Sunday, June 23, 2013

Brushes on Stone: The Mongolian Calligraphy Movement

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D.Ganbaatar works on a piece of calligraphy at his office in the University
By Dashiell Young-Saver
D.Ganbaatar’s office is painted in ink.
Calligraphic texts and accolades cover each wall, and a work table littered with current projects and scraps sits in the adjacent room. His desk, mostly taken up by a computer and printer, is somewhat messy, buried under papers where words are both printed and written. One feature stands out – a large, three-paneled inscription that spans about nine square feet, hanging near the entrance. The ink’s bold movements are as traditional as the message – Air, Nomadic Peoples, and Earth. It’s all his work – the work of an artist and teacher.

M.Buyan’s office is clean. It contains a medium-sized conference table, a desk, a cabinet to the left, a covered radiator on the same side, and white walls. His accolades do not hang from the walls – they rest in the cabinet. Even though M.Buyan warned that it was a little messy, the room had little clutter, and the lines of the furniture maintained a nice modernity. For the manager of a banking branch in the central district of Ulaanbaatar, it is a nice office.

Each room has a certain individual purity about them. Yet, a few features manage to connect the two. Hanging on the wall across from M.Buyan’s desk is a painting of horses, formed by straight but bold and thick brush strokes. And right behind M.Buyan’s head is a vertical piece of Mongolian calligraphy. The two pieces face one another from opposite ends of the room.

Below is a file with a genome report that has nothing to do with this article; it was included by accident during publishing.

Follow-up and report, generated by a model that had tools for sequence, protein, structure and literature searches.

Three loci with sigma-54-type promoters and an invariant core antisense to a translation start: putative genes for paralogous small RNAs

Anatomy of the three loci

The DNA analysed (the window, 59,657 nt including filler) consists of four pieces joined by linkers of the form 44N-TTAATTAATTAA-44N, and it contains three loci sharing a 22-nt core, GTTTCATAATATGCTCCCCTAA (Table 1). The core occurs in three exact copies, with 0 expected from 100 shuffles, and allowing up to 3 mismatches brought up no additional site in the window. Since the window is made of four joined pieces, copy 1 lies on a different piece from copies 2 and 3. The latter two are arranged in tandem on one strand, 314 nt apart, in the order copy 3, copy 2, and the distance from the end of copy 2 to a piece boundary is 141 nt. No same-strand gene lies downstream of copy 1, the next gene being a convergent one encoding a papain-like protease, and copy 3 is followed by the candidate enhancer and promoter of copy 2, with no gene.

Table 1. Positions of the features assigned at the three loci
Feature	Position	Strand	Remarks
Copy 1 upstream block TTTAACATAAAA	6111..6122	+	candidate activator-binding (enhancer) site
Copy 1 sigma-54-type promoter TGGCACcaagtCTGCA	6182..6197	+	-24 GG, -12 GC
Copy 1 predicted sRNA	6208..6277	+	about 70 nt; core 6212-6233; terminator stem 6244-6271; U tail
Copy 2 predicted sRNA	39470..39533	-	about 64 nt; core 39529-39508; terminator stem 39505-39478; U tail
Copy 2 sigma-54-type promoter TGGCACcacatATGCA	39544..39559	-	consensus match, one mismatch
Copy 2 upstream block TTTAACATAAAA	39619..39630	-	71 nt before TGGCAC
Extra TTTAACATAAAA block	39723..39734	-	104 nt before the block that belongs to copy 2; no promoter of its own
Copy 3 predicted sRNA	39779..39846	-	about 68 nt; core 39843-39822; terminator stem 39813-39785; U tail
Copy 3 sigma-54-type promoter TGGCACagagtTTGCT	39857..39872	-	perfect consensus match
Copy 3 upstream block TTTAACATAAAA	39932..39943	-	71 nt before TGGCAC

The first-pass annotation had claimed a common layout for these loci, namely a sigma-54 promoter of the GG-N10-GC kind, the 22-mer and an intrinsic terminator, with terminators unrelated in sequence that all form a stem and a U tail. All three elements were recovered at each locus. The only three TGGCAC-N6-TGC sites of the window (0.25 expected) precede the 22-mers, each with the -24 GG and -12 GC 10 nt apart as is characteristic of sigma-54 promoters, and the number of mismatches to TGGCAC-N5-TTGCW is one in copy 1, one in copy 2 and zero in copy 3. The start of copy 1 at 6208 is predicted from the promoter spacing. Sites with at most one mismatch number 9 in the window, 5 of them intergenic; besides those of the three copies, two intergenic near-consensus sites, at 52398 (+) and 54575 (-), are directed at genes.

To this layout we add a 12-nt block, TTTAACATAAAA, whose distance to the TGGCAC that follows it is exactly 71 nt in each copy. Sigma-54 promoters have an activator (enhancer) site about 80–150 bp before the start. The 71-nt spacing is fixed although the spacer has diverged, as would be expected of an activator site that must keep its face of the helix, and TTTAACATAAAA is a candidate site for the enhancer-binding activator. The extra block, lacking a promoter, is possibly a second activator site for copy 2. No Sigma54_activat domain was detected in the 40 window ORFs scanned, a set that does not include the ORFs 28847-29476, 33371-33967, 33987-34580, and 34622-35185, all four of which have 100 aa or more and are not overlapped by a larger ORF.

Both men graduated from the Choi. Luvsangjab University of Language and Civilization in 2000, studying traditional script, calligraphy, and foreign languages. Since then, D.Ganbaatar has gone on to become one of the most renowned calligraphers and traditional language teachers in the nation. During the last international Delphic cultural games in 2009, he earned a gold medal in the calligraphy competition, competing against many countries from multiple regions around the world. And in February, the National Art Gallery honored his work in Mongolian traditional culture by purchasing and displaying one of his calligraphic pieces.
He formed the NGO “Bichig Soyol,” which aims to promote the teaching and use of traditional Mongolian script since its ban was lifted after the end of the socialist era in 1990.
M.Buyan credits the sharp look of bankers as part of the reason for going into finance. He serves on the administrative board of the NGO, with D.Ganbaatar as its Director. But, although he “serves,” M.Buyan does not “sit” on the panel anymore. The banking job has prevented him from coming to many meetings and investing a lot of his time in the NGO. For D.Ganbaatar, traditional script and calligraphy has become a career. For M.Buyan, and many others, it necessarily is a hobby – a tradition that still survives and grows among the more rapid expansion of the city’s economy.
In the past 10 years, calligraphy and traditional script have regained popularity, but more as an art form than a language. “Calligraphy is getting popular among the young,” said D.Ganbaatar. “It’s changing into an art, as people now are more commonly giving each other gifts of calligraphy.”
But, in addition to its rise as an artistic form, the script alphabet is being taught on top of the commonly used Cyrillic in secondary schools, and some government documents such as birth certificates and official letters have made the script their standard. For those who practice the craft, it is a hopeful and unlikely revival of language far older than the country that holds it.